What Is Core Inflation?
Core inflation is the change in the costs of goods and services but does not include those from the food and energy sectors. This measure of inflation excludes these items because their prices are much more volatile. It is most often calculated using the consumer price index (CPI), which is a measure of prices for goods and services.
Understanding Core Inflation
Core inflation is measured by both the CPI and the core personal consumption expenditures index (PCE). The PCE represents the prices of goods and services purchased by consumers in the U.S. Since inflation is a measure of the trend in rising prices, PCE is an important metric in determining inflation. However, core PCE and CPI are similar, and both help to determine how much inflation is in the economy.
Other methods of calculating core inflation include the outliers method, which removes the products that have had the largest price changes. Core inflation is considered an indicator of underlying long-term inflation.
- Core inflation is the change in the costs of goods and services but does not include those from the food and energy sectors.
- Food and energy prices are exempt from this calculation because their prices can be too volatile or fluctuate wildly.
- Core inflation is important because it's used to determine the impact of rising prices on consumer income.
Why Food and Energy Prices Are Excluded
Food and energy prices are exempt from this calculation because their prices can be too volatile or fluctuate wildly. Food and energy are necessary staples, meaning demand for them doesn't change much even as prices rise. For example, gas prices may rise with the price of oil, but you will still need to fill up the tank in order to drive your car. Similarly, you won't be pushing off buying your groceries just because prices are rising at the store.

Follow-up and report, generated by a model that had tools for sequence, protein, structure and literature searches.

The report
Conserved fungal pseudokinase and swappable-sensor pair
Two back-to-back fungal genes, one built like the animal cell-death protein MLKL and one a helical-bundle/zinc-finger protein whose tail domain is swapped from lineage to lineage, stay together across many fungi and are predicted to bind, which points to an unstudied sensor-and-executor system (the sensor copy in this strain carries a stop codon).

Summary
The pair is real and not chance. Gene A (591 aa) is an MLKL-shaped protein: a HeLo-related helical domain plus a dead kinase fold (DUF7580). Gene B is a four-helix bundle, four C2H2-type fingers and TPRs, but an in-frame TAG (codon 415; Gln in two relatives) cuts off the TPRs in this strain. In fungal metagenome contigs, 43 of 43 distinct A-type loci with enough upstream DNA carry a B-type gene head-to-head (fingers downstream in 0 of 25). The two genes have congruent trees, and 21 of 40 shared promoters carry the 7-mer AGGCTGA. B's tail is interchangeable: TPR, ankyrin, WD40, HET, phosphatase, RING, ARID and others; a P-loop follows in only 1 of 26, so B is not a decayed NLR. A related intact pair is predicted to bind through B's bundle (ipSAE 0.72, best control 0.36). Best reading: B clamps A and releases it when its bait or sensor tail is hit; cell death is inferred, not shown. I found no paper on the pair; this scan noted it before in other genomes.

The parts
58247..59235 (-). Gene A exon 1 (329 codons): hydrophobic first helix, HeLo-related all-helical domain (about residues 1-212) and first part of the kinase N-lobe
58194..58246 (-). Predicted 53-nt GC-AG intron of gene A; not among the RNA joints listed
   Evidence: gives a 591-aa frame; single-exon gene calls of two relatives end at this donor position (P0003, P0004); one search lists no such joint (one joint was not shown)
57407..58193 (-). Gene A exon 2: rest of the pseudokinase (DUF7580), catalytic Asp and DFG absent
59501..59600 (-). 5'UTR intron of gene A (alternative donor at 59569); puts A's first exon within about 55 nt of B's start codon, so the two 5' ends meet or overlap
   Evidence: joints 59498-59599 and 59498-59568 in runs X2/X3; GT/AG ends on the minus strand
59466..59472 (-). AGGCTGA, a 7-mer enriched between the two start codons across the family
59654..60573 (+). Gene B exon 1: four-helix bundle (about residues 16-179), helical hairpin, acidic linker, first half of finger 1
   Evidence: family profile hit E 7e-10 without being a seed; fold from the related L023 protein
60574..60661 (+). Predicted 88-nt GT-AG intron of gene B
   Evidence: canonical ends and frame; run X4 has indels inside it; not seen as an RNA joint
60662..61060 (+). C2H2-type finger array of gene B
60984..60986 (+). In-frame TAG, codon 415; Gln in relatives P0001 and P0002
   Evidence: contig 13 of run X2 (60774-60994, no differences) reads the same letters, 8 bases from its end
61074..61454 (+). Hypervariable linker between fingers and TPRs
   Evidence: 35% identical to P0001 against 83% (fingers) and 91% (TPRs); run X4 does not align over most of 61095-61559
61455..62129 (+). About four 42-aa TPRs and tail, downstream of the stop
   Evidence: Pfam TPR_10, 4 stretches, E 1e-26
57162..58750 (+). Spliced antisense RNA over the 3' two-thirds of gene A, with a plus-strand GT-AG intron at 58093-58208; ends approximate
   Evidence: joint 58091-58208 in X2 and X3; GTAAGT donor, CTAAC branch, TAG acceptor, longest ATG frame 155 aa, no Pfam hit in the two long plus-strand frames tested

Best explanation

Also, oil and gas are commodities and are traded on exchanges where traders can buy and sell them. Food too is traded including wheat, corn, and pork. The speculation of energy and food commodities leads to volatility in their prices, causing wild swings in the inflation figures. For example, a drought can cause dramatic effects on the prices of crops. The effects on inflation can be brief, meaning they ultimately correct themselves and the market returns to a balanced state. As a result, food and energy prices for these goods are excluded from the calculation of core inflation.
The Preferred Measure of Core Inflation
The Federal Reserve prefers to use the PCE index rather than CPI since PCE tends to provide inflation trends that are less affected by short-term price changes. Also, the Bureau of Economic Analysis (BEA), a division of the Department of Commerce, calculates the change of prices by using existing gross domestic product (GDP) data, which helps to determine an overall trend in prices. The GDP figure is a measure of the production of all goods and services in the U.S. The BEA also adds in the monthly Retail Survey data and compares them with the consumer prices provided by the CPI. These additions remove data irregularities and provide detailed long-term trends.
The Importance of Core Inflation
It is important to measure core inflation because it reflects the relationship between the price of goods and services and the level of consumer income. If prices for goods and services increase over time, but consumer income doesn't change, consumers will have less purchasing power. Inflation causes the value of money or income to decrease in comparison to the prices of basic goods and services.
However, if consumer income rises, called wage growth, while the prices of goods and services remain unchanged, consumers will have more purchasing power. Also, as investment portfolios and home prices rise, asset inflation occurs, which can provide additional money for consumers to spend.